Accounting Research Center garners $1 million gift
Ernst & Young philanthropy strengthens Kellogg accounting scholarship; CEO assesses profession during conference to recognize firm’s continued support of school By Matt Golosinski
2/12/2007 - Kellogg School accounting experts now have another number to crunch thanks to a $1 million gift from Ernst & Young that will support the Accounting Research Center.
Since 1978, the Accounting Research Center has played a strong role in facilitating and disseminating Kellogg accounting scholarship.
This new gift will continue that mission by creating the “Ernst & Young Research for Leadership through Innovation and Value Enrichment” initiative (“E&Y:LIVE”), an effort that will enable Kellogg to support research and the development of curricula in a range of areas that are key to the future of financial information. Specific areas being supported are internal reporting and its effect on decision making, governance and management control systems, risk assessment and management, financial reporting and auditing.
In his introductory remarks, the outgoing director of the Accounting Research Center, Bala Balachandran, noted the relationship between Ernst & Young and the Kellogg School. The J.L. Kellogg Distinguished Professor of Accounting Information and Management recalled that the firm’s retired deputy chairman, Roger Nelson, was instrumental in establishing an initial fund to support various Kellogg conferences and summer research support. Balachandran, who headed ARC from 1985-2006, also cited the Ernst & Young’s commitment to creating an endowment in 1999 that has now produced a total of $1 million to support Kellogg accounting scholarship. In addition, the company has helped redesign and teach the Kellogg course LEAP (Learning through Experience and Action Program), which provides Kellogg students with hands-on consulting experience. The firm has also been active in Kellogg executive education by its partners leadership program, a one-week advanced management curriculum for the company’s partners.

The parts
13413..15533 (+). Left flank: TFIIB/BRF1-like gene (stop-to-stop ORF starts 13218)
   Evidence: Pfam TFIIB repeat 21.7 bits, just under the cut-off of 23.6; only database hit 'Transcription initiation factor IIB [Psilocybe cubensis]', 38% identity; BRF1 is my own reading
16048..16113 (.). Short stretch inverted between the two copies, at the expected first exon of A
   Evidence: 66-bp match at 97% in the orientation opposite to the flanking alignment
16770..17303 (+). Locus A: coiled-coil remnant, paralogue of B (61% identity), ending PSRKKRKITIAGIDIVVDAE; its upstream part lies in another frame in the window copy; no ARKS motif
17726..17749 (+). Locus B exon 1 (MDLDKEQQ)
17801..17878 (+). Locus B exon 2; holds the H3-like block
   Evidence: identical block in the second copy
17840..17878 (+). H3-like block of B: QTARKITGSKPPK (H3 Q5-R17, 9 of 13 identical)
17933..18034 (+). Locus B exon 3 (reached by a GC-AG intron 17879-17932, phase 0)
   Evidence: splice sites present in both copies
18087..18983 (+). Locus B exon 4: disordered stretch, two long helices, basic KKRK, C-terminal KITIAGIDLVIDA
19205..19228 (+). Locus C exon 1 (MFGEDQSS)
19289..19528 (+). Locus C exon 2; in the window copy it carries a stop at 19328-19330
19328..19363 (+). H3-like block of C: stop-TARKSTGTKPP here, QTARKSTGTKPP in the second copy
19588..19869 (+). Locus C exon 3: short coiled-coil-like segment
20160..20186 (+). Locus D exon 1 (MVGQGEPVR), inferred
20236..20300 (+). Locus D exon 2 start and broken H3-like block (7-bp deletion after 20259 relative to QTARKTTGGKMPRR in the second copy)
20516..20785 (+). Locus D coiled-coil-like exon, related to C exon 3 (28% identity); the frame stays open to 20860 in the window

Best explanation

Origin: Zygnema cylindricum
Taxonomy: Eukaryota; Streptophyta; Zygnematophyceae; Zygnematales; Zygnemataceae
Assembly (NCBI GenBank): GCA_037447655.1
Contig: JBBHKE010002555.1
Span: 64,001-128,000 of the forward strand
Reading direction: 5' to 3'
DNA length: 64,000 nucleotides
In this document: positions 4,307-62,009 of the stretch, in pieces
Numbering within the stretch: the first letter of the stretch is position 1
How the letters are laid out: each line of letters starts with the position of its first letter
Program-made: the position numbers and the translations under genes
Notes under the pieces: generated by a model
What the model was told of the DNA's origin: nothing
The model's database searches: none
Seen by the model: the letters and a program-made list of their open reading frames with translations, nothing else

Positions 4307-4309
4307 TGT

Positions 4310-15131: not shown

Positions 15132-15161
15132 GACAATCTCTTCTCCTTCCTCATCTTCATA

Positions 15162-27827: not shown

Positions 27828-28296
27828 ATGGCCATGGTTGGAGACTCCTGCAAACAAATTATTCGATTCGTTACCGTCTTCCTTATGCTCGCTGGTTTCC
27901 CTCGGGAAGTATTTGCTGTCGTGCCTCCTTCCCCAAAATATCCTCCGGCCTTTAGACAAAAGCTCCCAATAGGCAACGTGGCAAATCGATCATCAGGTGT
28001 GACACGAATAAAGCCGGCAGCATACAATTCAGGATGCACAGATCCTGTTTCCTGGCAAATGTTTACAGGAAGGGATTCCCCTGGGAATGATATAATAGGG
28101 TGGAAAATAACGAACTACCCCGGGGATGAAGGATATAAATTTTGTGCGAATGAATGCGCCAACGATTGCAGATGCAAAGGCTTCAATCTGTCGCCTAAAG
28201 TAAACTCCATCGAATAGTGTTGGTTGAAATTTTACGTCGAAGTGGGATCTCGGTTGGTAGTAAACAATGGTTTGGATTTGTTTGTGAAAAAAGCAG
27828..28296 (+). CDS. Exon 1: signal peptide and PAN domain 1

To celebrate this relationship and the million-dollar milestone, the Kellogg School organized an afternoon conference Feb. 9 that examined the challenges and opportunities facing the financial reporting system. Participants included distinguished accounting academicians and practitioners who offered frank observations about their discipline.
Harry Kraemer Jr., clinical professor of management and strategy and former chairman and CEO of Baxter International Inc., provided a corporate perspective on the challenges facing the accounting profession. He highlighted the need for members of the profession to provide leadership, as well as institutional knowledge, and to emphasize their organizations’ social responsibilities. Thomas Lys, the Eric L. Kohler Professor of Accounting Information and Management, examined the current debate on whether accounting standards should be based on principles or on rules. The Kellogg professor’s presentation gave examples from this debate and showed that the Securities and Exchange Commission’s actions are driven by perceived violations of principles rather than rules. Principles-based accounting places demands on the accounting profession that echoed those described by Professor Kraemer. Accountants must be both knowledgeable and capable of exercising judgment and leadership.
The principal speaker at the conference was James S. Turley, chairman and CEO of Ernst & Young, one of the world’s largest professional firms. Trial by fire, he said, is painful but can prove “galvanizing and uplifting” for those who survive the test.
In the wake of U.S. accounting scandals five years ago, the accountancy and professional services industry “took a lot of shots … and deserved to take a lot of shots” from investors and financial analysts, as well as from the government and public, said Turley.
“We hadn’t been doing our job as effectively as we could have,” he said.